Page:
The Queensland Forensic Mental Health Service has published a research report titled "The Family Business: Improving the understanding and treatment of post-traumatic stress disorder among incarcerated Aboriginal and Torres Strait Islander women."  The report found very high rates of PTSD amongst Aboriginal and Torres Strait Islander women in prison, with 50% of the women assessed as a part of the project found to have PTSD.  Very few of these women had received treatment for the PTSD, many of whom had developed the condition in response to the traumatic and unexpected death of a loved one, sexual assualt (occuring prior to the age of 10 for many women) and being the victim of violence.  All of the women in the study had experienced multiple traumas - on average five distinct traumas over the course of their life.  The report calls for culturally appropriate screening, assessment and treatment for PTSD to be implemented in services that engage with this population of women.

Go to "The Family Business: Improving the understanding and treatment of PTSD"

Read More

 

June 12, 2015

GLOBAL DRUG SURVEY 2015

The Global Drug Survey 2015 results are in, with over 100 000 people from around the world (and 4300 from Australia) providing information on their drug use, harm, harm reduction strategies and more.  While the survey respondents aren't representative, the survey gives a great snapshot of a population that often don't come into contact with treatment services - the large numbers of people who use illicit drugs and don't develop significant problems.  Findings of interest include increasing numbers of Australians purchasing their illicit drugs from online darknet websites (such as the now closed "Silk Road").  The survey also found increases in Ecstasy users seeking emergency medical treatment over the past three years, most likely due to increasing global purity of MDMA.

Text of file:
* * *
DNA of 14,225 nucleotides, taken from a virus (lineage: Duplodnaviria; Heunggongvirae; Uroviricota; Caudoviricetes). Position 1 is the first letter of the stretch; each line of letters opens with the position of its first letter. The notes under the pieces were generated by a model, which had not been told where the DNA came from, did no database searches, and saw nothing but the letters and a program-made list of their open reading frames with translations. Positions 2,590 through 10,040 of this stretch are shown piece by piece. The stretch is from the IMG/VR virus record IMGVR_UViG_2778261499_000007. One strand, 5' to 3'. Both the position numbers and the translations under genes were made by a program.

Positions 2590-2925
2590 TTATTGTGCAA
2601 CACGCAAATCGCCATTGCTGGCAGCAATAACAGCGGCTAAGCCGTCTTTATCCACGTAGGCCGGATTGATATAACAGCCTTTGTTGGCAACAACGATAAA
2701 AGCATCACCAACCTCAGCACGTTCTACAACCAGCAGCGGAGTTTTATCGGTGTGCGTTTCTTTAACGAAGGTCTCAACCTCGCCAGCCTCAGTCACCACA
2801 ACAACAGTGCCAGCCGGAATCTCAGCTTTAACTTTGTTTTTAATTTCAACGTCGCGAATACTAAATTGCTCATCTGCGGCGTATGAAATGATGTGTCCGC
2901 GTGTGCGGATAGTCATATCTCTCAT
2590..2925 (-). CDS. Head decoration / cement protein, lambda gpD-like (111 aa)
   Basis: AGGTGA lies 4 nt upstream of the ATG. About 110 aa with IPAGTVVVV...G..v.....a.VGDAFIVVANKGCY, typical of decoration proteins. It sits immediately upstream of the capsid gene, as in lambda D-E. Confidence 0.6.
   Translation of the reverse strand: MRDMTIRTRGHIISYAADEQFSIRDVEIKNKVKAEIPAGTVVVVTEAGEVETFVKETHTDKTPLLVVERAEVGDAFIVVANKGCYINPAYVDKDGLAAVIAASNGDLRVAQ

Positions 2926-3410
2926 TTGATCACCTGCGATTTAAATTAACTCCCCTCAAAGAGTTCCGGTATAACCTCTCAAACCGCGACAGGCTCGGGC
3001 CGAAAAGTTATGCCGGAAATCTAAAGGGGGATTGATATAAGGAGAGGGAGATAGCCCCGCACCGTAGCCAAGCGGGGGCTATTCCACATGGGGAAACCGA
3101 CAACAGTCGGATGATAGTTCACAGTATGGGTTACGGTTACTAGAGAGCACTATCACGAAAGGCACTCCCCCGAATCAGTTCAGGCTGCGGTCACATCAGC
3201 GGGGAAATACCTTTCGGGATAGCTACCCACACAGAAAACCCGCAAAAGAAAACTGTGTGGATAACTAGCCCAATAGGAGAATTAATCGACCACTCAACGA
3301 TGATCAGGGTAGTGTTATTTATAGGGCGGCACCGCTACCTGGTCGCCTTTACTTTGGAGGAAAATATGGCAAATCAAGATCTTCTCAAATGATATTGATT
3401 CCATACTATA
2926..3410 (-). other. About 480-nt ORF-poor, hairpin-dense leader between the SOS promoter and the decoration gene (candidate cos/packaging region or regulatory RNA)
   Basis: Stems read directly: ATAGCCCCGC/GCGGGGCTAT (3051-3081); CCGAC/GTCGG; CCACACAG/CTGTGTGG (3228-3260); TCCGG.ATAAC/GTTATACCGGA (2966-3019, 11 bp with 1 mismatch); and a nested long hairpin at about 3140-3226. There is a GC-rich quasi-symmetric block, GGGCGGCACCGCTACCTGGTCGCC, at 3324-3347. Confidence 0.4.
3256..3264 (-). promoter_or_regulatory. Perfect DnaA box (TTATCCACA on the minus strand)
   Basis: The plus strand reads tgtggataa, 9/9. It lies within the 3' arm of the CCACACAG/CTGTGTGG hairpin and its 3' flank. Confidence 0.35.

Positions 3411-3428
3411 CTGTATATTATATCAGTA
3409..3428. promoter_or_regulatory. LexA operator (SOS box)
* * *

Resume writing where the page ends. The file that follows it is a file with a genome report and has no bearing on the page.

Go to Global Drug Survey 2015

Read More

 

June 12, 2015

METH IN THE MEDIA

While there continues to be community concern around the use of methamphetamine ("ice") there are growing numbers of media reports that are not based on fact.  A recent example which gained global media coverage was the incorrect report from the News Ltd press "Ice addict 'gouged out eyes and ate them'".  These types of incorrect reports increase fear in the community, and leads to  inappropriate responses to methamphetamine use.  It is important that youth and health workers don't contribute to these incorrect reports, and instead provide information to media outlets based on facts.  When fear and stigma around illicit drug use increases in the community, it leads to families feeling disempowered and people who use drugs less likely to present for treatment.


Find out about the recent incorrect media reports here at ABC Media Watch


Read "Dealing with the stigma of drugs: A guide for journalists" for information on responsible media reporting of alcohol and other drug issues.

Read More

 

June 12, 2015

BIAS IN EVALUATIONS OF DRUG PREVENTION PROGRAMS

An article has been published in the journal "Addiction" titled "'Everything works': The need to address confirmation bias in evaluations of drug misuse prevention interventions for adolescents".  The article describes the ongoing problem in the published research literature whereby findings that support the existing opinions of the researchers are more likely to be published.  The author of the article states "The evidence base of prevention research appears to comprise predominantly chance findings that emerge from flexible data analysis practices motivated by confirmation bias.  This area needs to urgently adopt the kinds of mandatory pre-registration practices required of clinical trials as a first step to creating a credible evidence base."  Pre-registration means that study authors must register the study prior to results coming in, meaning that study authors can't just make a decision to published based on a positive outcome.


Go to "Addiction" titled "'Everything works': The need to address confirmation bias in evaluations of drug misuse prevention interventions for adolescents".

Read More

 

June 5, 2015

ALCOHOL AND RISK OF SUICIDE

An article has been published in the journal PLOS ONE titled "Alcohol-related risk of suicidal ideation, suicide attempt and completed suicide: A meta-analysis".  The links between alcohol use disorders and suicide is complex, and there are discrepancies across existing research in this area.  In this paper, the authors considered 31 studies covering 420 732 participants.  They found there was a significant association between alcohol use disorder and suicidal ideation, suicide attempt and completed suicide.  The authors conclude that alcohol use disorder should be considered an important predictor of suicide.

Go to "Alcohol-related risk of suicidal ideation, suicide attempt and completed suicide: A meta-analysis".

Read More